Productivity and Time-Wasting, Then and Now

At the great risk of sounding
like one more grumpy old man, albeit a Pomona College-educated one, I would
like to seriously discuss the question of time well spent. Did I spend it more efficiently back in the 1940s compared to a member of the class of 2015?

My feelings on the subject could be quite biased, based on limited
observations in auditing 10 5C classes in the last five years since moving
back to Claremont, sharing retirement meals daily with former senior faculty
from the 5C colleges and elsewhere,
and having grandchildren who have just graduated from top 25 U.S. colleges. 

I would honestly like an answer or to at
least have a member of your student readers join me in a discussion of the
subject.

Just because I had 8 a.m.
classes at Pomona, even on Saturdays, does not necessarily mean that I spent
my time well. However, we students did not protest such scheduling and my Saturday attendance indicates that my peers and I had a serious attitude about classroom and laboratory education
being the most important part of
the reason for attending college.

Some
50 to 70 hours per week of class and homework time were common, and this was
not just limited to science majors. Frankly, partying was rather limited to Saturday nights, but we also
seriously concentrated our efforts there. Should studying be the major priority in college life? Were we caught up in some sort of a post-war push to get
America rolling again? 

Here is
where my chemical career could easily put me into a special non-typical
category of dedicated (read “long”) hours. There was much to be done in the world of rockets and
science and I thoroughly enjoyed meeting each challenge. Many years later, I still enjoy daily
challenges and gladly give Pomona full credit for the excitement of
ever-continuing learning and teaching, a habit I am glad to have been exposed
to. I would not have had it
otherwise.

Learning has always been a complex task, with a near-infinite
quantity of information out there to process, and I would hope that all serious
students, then and now, use their time in the most optimum manner possible. Information technology has changed the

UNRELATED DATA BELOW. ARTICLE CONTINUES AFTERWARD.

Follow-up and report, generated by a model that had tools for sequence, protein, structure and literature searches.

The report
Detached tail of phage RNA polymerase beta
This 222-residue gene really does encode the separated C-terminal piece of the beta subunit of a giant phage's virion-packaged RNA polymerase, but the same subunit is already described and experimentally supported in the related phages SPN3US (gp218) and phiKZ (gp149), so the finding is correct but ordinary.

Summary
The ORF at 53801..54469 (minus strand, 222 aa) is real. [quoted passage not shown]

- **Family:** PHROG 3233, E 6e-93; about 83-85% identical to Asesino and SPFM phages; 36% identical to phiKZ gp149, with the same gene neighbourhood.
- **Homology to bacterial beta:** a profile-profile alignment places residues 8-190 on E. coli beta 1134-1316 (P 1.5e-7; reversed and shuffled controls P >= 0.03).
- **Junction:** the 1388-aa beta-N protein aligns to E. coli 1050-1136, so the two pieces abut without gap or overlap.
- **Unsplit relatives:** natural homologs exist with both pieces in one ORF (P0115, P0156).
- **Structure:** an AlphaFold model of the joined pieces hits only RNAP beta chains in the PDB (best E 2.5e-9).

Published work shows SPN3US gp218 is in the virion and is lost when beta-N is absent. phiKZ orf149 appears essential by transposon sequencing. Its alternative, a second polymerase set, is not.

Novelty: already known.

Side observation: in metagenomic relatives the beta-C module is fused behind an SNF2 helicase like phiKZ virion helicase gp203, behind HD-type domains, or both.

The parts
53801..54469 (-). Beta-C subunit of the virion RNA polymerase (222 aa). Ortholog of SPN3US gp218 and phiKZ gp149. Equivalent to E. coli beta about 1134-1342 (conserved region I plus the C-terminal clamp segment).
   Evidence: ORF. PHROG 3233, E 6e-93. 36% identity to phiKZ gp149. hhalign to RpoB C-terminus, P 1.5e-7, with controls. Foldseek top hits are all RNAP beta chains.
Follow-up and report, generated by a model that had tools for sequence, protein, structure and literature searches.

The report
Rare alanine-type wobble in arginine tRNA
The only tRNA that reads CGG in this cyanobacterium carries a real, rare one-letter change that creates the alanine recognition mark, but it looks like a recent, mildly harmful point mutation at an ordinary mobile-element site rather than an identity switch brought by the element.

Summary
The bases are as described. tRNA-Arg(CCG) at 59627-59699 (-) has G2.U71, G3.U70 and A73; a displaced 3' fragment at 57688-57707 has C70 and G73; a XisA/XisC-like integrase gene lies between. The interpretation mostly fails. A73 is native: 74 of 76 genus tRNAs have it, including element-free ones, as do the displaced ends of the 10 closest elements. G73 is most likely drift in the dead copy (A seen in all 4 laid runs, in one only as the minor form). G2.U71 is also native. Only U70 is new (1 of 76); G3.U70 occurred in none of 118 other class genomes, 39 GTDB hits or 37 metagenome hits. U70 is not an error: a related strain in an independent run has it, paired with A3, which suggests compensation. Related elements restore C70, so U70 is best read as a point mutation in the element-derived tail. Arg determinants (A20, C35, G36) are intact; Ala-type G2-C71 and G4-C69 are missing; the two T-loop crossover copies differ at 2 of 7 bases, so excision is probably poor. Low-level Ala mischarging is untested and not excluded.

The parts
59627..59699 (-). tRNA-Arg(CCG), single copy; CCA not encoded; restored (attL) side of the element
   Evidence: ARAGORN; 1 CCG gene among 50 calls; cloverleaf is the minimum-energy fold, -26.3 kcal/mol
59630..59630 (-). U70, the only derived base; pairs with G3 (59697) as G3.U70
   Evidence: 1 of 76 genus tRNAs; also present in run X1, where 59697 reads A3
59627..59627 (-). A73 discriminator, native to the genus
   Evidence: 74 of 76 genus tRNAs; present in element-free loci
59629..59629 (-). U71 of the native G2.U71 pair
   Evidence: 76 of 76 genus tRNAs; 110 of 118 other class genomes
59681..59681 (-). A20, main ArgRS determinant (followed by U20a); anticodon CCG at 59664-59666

means of reaching that optimality. However, there is something to be said that I was clever enough to
arrive at the old Carnegie Library early enough to get that one copy of the
reserve book rather than depending on an electronic search engine to find it for me. 

Measuring
efficiency in learning is perhaps radically different from my experience back in the 1940s. I still ‘waste’ time memorizing facts
and data instead of being really logical and realizing I can research them in
a few milliseconds when I need specific information. I find my way
integrates into all sorts of wonderful new concepts and patentable ideas. Does the new way do that too?

The IT systems, from huge to
wrist-worn, have truly changed the way we all process information. It is my
opinion that not all these changes are of great benefit to society as a whole,
something I think we all should be concerned with. If just one ‘fact’ that I
keep hearing is true, I think this college time priority discussion is worth
having.  

Is the estimate of 30+
hours per week of texting, tweeting, Facebooking, etc., on the expensive
electronic toys accurate information? Can this generation properly conduct a live conversation? Do students know not to glance at their smartphones during
a job interview or while enjoying a meal or a glass of wine? I sincerely hope that I may find answers to these questions and that the rumors are untrue.

Milt Wilson PO ’49 is a
chemist retired from the rocket and environmental-control industries, now
living in the Mt. San Antonio Gardens Senior Community in Claremont.

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